Can Kids Eat Halloween Candy & Have Healthy Teeth?
If you’re like most parents, you probably took your kids out trick-or-treating this past weekend. Halloween candy can harm your kids’ teeth, but there are certain ways to minimize the harm.
About 15 years ago, dressed as a gangster, I walked up to a dimly lit house and opened my pillow case and said “Trick or Treat!” I received neither a trick nor a treat. I stared in disbelief as the elderly gentleman dropped a toothbrush into my pillowcase.
I felt like that single moment detracted from the true spirit of Halloween. I couldn’t believe that I’d just wasted 30 seconds of valuable trick-or-treating time on an oral hygiene product.
I promised myself I would never give trick-or-treaters a toothbrush. I’ve kept my promise so far, so I won’t give you a toothbrush this Halloween, I’ll just give you some good tips on how to keep your children’s teeth healthy this Halloween.
To answer the question in the title of this article: Yes, kids can keep their teeth reasonably healthy this Halloween season. By incorporating the tips below into their candy-eating lifestyle, hopefully your kids can avoid an extra trip to the dentist for a filling!
The Type of Candy They Eat
One of the worst kinds of candy to eat is sour candy. Sour candy often contains acids that help dissolve the teeth.
You might think that making your child eat dried fruit, such as raisins isn’t too bad for their teeth. However, dried fruit is as bad as some candy and can even be worse if it sticks to the teeth and hangs around in the mouth for a long time.
When we took our kids trick-or-treating this weekend, we ended up getting a lot of chips like Doritos and Lay’s potato chips. While these types of “Halloween candy” can be better for the teeth than pure sugar, sometimes they can stick around in the grooves on your child’s teeth. If they stick around, they can be turned into sugar and cause cavities just like a sugar-filled candy bar would.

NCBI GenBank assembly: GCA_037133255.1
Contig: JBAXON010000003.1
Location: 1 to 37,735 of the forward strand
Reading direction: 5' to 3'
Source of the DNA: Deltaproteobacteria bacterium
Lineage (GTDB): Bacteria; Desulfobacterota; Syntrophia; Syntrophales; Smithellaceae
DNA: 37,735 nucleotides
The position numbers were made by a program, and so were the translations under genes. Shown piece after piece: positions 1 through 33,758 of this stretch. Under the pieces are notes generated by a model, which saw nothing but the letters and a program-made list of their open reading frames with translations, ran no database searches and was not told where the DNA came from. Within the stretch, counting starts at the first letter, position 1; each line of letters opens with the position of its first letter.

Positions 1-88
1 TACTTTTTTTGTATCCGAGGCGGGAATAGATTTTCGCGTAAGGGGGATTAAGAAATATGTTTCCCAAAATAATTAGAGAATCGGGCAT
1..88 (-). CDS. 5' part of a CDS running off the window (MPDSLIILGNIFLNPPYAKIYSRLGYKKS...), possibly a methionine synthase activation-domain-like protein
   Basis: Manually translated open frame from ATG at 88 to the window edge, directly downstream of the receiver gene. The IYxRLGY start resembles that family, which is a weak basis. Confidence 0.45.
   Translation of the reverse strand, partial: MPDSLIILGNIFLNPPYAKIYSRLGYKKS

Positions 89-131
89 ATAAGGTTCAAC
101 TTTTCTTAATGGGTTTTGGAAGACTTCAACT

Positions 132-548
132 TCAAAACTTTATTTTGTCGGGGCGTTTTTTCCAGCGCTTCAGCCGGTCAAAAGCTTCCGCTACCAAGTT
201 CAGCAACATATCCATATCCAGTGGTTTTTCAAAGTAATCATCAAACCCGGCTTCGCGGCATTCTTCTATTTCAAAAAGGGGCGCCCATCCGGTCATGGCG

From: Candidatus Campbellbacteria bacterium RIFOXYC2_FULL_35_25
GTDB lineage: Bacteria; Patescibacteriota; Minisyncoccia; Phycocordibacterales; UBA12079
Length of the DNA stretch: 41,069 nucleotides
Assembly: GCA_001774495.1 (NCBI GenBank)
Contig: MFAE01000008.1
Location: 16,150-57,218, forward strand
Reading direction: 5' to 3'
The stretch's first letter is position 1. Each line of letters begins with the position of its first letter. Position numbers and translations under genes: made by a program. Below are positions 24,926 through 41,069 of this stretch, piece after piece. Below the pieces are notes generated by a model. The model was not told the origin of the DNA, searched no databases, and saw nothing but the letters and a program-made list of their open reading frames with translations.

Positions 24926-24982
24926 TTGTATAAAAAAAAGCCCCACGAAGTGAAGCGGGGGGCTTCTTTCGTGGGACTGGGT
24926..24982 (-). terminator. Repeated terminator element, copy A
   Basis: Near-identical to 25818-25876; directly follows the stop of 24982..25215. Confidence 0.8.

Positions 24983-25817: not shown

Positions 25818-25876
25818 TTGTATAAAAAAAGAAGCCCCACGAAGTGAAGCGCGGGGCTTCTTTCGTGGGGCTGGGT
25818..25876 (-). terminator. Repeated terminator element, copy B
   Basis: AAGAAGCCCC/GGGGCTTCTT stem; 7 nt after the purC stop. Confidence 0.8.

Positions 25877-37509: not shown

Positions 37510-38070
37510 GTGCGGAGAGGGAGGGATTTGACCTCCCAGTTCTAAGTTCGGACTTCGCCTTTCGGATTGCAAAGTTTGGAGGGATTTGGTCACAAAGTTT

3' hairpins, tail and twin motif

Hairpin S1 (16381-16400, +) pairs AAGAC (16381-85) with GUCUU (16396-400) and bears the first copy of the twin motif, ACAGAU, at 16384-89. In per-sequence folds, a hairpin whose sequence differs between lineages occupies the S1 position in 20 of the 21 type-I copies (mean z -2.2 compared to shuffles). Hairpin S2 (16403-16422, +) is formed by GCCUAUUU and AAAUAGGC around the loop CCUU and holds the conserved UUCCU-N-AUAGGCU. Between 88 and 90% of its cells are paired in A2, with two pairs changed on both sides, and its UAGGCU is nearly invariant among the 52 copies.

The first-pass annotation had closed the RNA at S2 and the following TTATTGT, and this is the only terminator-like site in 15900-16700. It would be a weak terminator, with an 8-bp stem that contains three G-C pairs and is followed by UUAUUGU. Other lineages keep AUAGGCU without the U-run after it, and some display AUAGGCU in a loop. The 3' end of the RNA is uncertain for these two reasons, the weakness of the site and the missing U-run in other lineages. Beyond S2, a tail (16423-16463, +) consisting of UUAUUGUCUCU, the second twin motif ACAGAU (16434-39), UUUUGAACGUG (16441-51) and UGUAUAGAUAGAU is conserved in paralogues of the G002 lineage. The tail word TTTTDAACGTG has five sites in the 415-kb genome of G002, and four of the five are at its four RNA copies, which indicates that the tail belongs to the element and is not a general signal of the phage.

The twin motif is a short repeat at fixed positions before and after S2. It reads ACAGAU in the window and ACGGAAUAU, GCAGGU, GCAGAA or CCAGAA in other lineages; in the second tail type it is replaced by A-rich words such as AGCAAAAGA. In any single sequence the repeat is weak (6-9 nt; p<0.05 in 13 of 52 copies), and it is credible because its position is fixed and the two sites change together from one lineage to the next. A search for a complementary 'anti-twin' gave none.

Although there is no sugary candy that really benefits the teeth, some bubble gum can help if it is chewed for a long time, since it helps stimulate saliva production which can help the teeth.
It’s probably best to shy away from sour candy and sticky candy that can hang around in your child’s mouth for a long time. One thing that can have a big effect on how long the candy sticks around in their mouth is what they do after they eat their Halloween candy.
What They Do After They Eat Their Candy
A great way to get the sugar out of their mouth and keep the bacteria from producing more acid is to have your children rinse their mouth out with water a few times after eating their candy.
Eating cheese after candy not only helps rinse away the sugar, but the calcium and phosphate in the cheese can remove the acid from your child’s mouth and help re-build any enamel that was dissolved. Eating any of a variety of snacks that are good for teeth can help wash away the sugar. Even chewing gum will help stimulate saliva production to clean out the mouth.
It’s alright to have your children brush their teeth, as long as they haven’t eaten a bunch of sour candy. Sour candy, such as Sour Patch Kids, can start dissolving the enamel on your children’s teeth. If they brush before their saliva has had a chance to repair the enamel, they could permanently brush away a very thin layer of enamel.
How Often They Eat Their Candy
For example, it would be much better for your child to eat two candy bars in one sitting than it would be to have them eat a candy bar one bite at a time over the course of a few hours. Every time they eat sugar, the pH in their mouth drops, allowing cavities to form.
To better understand what happens each time you eat sugar, take a look at the article What Happens In Your Mouth Every Time You Eat or Drink.
Mark Helpin, a Temple University pediatric dentist has said, “Parents can let kids eat a bunch of candy now and a bunch later. But don’t let them have one piece now, then an hour later let them have another piece.”
When They Eat Their Candy
The worst time to have your children eat their Halloween candy is right before bed. Saliva production generally stops when we sleep. If you eat sugar right before going to bed, the sugar can stay in your mouth for a long time. Try to not have your children eat their Halloween candy right before bed.
Some good times to eat Halloween candy would be right after a meal, such as lunch or dinner, when they are still making a lot of saliva to help clean our their mouths. Another good time might be to have the candy as a snack after school.
Hopefully these tips will help you to keep your child’s mouth healthy this Halloween season.
If you have any questions or comments on this article, feel free to leave them in the comments section below!